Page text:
THERE’S now less than a week to go until the London 2012 Summer Olympics gets under way.
As world-class athletes gear up to put everything they have been preparing for over the last few years into action, we decided to look at how to get your finances into good shape.
David Gow, a chartered and certified financial planner at Acumen Financial Planning in Edinburgh, shares his top ten tips on toning your money muscles.
1 TREAT CURRENT INJURIES
Address any unsecured debts that need paying off and work out which ones to pay off first. Start with the most expensive, but most importantly, calculate and take a note of when you will finally pay a debt off. Don’t let the finish line out of your sight!
2 HAVE THE RIGHT MINDSET
Live below your means. In other words, spend less than you earn. A good formula is to allocate 70 per cent of your salary to living costs. Then repay debts with 20 per cent and save the remaining 10 per cent. The older you get, the more you should think about increasing the savings percentage if you can.
3 BE PREPARED
Build a pot of cash that you can call on in an emergency – like a failed MOT or your boiler breaking down. A cash stash equal to three to six months of your usual expenditure is a good amount to have in an instant access account.
4 GET LEAN
Can you save on tax? Make sure you’re using all available allowances and reliefs. A good tax adviser will be able to ascertain if there are ways you can save. Can you save money by remortgaging your home? When seeking advice, go for an adviser who is able to look at the whole of the market to find the best deal for you.
5 HIRE A PERSONAL TRAINER
If you can’t find time to review your financial situation, set up an initial, no-obligation meeting with a highly qualified independent financial planner or IFA who will be able to help you get your finances on the right track.
6 START TRAINING NOW
Sign up for a tax-free individual savings account (Isa) or a high interest savings account and transfer over any cash sitting in your low interest current account that you’re unlikely to use in the near future. Then think about your saving and investment strategy. The quicker you start, the quicker you will prosper. Take two 22-year-olds, Euan and Jemma. Euan saves £2,000 a year for six years (a total of £12,000) then contributes nothing until age 65. Jemma doesn’t save anything for six years then saves £2,000 a year for the next 37 years (total £74,000). An extreme case, but let’s say they both receive an annual return of 12 per cent. They would both end up with £1.2 million.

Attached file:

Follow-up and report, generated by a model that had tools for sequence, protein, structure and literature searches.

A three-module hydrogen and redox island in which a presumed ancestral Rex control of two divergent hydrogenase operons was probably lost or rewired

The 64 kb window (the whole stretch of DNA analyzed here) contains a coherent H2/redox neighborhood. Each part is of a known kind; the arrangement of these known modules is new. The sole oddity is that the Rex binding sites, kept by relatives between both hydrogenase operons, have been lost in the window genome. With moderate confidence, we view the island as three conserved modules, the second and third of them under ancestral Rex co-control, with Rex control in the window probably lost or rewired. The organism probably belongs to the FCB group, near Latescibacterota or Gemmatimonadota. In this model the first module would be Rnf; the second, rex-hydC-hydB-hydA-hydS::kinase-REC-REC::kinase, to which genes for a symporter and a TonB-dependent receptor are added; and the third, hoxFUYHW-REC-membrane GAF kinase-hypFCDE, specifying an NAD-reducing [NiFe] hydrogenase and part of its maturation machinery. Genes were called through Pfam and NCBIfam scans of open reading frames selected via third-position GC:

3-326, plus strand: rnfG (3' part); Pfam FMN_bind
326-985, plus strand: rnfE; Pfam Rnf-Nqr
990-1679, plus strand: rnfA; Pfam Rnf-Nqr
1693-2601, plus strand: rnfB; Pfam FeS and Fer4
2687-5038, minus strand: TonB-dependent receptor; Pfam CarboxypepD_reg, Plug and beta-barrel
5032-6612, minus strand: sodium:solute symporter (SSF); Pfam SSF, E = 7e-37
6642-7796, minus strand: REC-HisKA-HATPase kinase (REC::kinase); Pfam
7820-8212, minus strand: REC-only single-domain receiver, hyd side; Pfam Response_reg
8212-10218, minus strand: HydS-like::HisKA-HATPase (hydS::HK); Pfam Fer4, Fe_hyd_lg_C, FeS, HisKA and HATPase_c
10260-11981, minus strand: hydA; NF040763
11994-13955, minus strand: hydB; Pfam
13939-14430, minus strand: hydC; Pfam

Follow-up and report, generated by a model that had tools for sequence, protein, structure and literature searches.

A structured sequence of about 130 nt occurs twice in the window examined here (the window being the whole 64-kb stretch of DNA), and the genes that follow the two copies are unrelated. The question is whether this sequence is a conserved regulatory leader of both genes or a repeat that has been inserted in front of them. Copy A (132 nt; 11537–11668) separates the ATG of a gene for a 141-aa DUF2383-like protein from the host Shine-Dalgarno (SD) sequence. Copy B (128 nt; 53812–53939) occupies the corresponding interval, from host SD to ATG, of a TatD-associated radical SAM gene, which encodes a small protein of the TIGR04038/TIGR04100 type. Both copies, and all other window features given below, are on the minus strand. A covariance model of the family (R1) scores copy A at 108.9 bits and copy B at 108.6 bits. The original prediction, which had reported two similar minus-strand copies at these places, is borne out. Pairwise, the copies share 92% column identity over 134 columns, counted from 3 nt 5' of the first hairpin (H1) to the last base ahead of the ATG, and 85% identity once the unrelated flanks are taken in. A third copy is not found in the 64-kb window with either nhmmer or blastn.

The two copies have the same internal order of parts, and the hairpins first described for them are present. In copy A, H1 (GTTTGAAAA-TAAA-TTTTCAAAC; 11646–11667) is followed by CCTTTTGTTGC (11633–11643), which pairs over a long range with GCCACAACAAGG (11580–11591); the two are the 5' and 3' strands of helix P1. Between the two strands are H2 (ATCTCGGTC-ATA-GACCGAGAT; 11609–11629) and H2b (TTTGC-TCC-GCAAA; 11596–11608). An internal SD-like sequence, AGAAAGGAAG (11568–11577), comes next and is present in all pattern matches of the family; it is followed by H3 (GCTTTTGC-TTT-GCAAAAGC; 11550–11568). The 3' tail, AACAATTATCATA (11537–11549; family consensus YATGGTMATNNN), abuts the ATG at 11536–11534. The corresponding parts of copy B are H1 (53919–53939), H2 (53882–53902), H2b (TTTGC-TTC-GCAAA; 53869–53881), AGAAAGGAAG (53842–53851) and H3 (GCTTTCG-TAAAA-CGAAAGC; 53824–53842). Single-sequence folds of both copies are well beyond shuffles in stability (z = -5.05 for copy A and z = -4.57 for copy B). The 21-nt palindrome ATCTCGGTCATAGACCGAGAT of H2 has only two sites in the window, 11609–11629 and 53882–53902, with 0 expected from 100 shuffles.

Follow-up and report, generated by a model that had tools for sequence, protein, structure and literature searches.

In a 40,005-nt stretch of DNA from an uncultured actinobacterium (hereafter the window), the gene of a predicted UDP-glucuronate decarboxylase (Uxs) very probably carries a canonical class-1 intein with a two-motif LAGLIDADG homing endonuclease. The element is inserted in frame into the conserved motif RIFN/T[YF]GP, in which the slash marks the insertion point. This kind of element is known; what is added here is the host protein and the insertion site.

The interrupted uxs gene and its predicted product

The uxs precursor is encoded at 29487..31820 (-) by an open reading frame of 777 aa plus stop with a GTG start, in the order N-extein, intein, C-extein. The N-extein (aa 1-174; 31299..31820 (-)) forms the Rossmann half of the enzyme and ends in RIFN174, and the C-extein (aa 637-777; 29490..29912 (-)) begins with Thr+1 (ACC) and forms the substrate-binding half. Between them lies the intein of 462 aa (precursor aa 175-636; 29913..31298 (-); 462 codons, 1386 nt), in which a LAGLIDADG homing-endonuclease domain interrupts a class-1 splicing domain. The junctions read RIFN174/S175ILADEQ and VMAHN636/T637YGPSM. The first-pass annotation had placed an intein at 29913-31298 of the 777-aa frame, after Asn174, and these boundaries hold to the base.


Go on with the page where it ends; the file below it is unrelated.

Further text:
7 KNOW YOUR LIMITS
Decide what type of investor you want to be with respect to investment appetite. If you’re like most people, you will probably want to skip high-risk stock-picking and put your money in low-cost index funds. Create a diversified portfolio, with longer-term savings in more aggressive investments and shorter-term savings in safer spots, such as gilts and corporate bond funds.
8 FOCUS ON YOUR POTENTIAL
List your lifetime objectives. What kind of house do you want to live in? Where do you want to live? How much do you need to earn to live there? When do you want to be financially independent? How much do you need for financial independence? Figure out what you really want out of life; you become what you think about.
9 ELIMINATE THREATS TO SUCCESS
List the threats to you achieving your lifetime goals and address how to minimise or eradicate these, perhaps by way of an insurance policy. Threats include illness or incapacity, unemployment and not putting enough money away for the future.
10 GET READY TO PASS ON THE BATON
Calculate the inheritance tax bill your heirs would be left with should you pass away and come up with solutions, as long as this doesn’t affect your other objectives.
Search for a job
Search for a car
Search for a house
Weather for Edinburgh
Tuesday 21 May 2013
Temperature: 7 C to 17 C
Wind Speed: 13 mph
Wind direction: North west
Temperature: 3 C to 12 C
Wind Speed: 23 mph
Wind direction: West